GDC 2015 – Afro Samurai 2: Revenge of Kuma Preview

We have returned to the world of Afro Samurai, but it’s one of Afro’s closest friends, Kuma, that gets a turn to fight and be the hero. Kuma is no ordinary being. as he is a cybernetically enhanced killing machine that is destined to destroy anyone that gets in his way. I had the opportunity to sit down and chat with David Robinson, President and Founder of Redacted Games, as he showed off his team’s latest Afro Samurai adventure.

The story picks up where the original title left off, but playing the previous game isn’t a prerequisite to understanding the story arch as you’ll get a brief run down of what happened previously. The action is fast paced, with improved graphics, and a heavily hip-hop influenced sound track that will keep the tempo up — and keep it as high strung as this bad ass bear Kuma is himself. The room I saw all the action in had a huge wall of speakers that were pumping out the beats and occasionally pumped out a blast of sound that had to be dodged; adding to the complexity of the action.

AS2 Screenshot 1 (Aug 2014)

Kuma is clearly a bear on a mission and he’s also teachable. As you face off and defeat the many bosses of the game, you’ll pick up fighting styles that the bosses used against you. These styles can be changed out on the fly and some enemies require a certain style to defeat them. And if you have a room full of bad guys with several different types attacking you, you’ll not only need to know who’s who, but you’ll also need to know what’s what so you can defeat them before they kick your ass. Your style menu is a quick pop-up circle for easy access, but once you have all of the 10 or so styles, selecting any given one might become a memory lesson, as you’ll probably be better off memorizing what’s where instead of trying to read the style names.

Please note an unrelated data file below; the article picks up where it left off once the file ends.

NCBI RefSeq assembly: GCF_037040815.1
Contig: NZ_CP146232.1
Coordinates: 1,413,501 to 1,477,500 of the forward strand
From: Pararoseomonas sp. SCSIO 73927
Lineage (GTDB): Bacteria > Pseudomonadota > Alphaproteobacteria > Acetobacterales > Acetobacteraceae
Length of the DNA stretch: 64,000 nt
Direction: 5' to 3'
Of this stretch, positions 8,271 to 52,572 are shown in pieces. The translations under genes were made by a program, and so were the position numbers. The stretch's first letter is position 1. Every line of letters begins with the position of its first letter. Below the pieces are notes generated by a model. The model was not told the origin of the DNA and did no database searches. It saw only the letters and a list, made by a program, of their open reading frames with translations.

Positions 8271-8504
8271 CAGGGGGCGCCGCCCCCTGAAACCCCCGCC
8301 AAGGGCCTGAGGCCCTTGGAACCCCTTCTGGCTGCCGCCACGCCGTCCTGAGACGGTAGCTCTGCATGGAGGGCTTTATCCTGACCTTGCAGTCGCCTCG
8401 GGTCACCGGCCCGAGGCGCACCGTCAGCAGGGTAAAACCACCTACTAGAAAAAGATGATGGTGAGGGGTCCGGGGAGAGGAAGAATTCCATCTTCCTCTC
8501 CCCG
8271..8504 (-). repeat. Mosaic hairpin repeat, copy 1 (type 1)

The graphics for the game are topnotch with attack and defense animations that are very smooth, with flips and kicks galore. I was only shown a short demo of the gameplay, but what I saw was both impressive and well detailed. David clearly knew what he was doing and was swapping out styles with such fluidity that it looked seamless. The room he was fighting in came alive around him, with the speakers blaring,and other bad guys shooting rockets at him from afar. Seeing him kick a rocket and have it fly back at the shooter, while not a simple looking task, looked like something that could be learned fairly easy, making this a decent pick-up-and-play game.

The camera has been changed to use a fixed perspective that allows the action to be more centered and right in front of you. With having to quickly determine your foes, and then match a style accordingly, that is a welcome change. Using a fixed camera should make the game smoother and allow the player to be more efficient with their attacks and be able to see the type of enemy you’re facing, and where they’re located. This makes the game a little easier than the first, and makes it much easier when your foes have you outnumbered ten to one.

The game will have a couch co-op mode so you can play with friends but wont have online co-op. While this is disappointing, at least you’ll be able to have someone join you locally with another controller. Content for the game will be episodic, with three episodes guaranteed, and more possible depending on how well the game is received. The first three episodes will be spaced out with around six weeks between them, so the initial gameplay will keep you busy for a while.


Afro Samurai 2: Revenge of Kuma looks to build on the successes of the original title, while improving upon the camera and action sequences. The game doesn’t have a set release date yet, but the studio is aiming for a release date sometime later this year.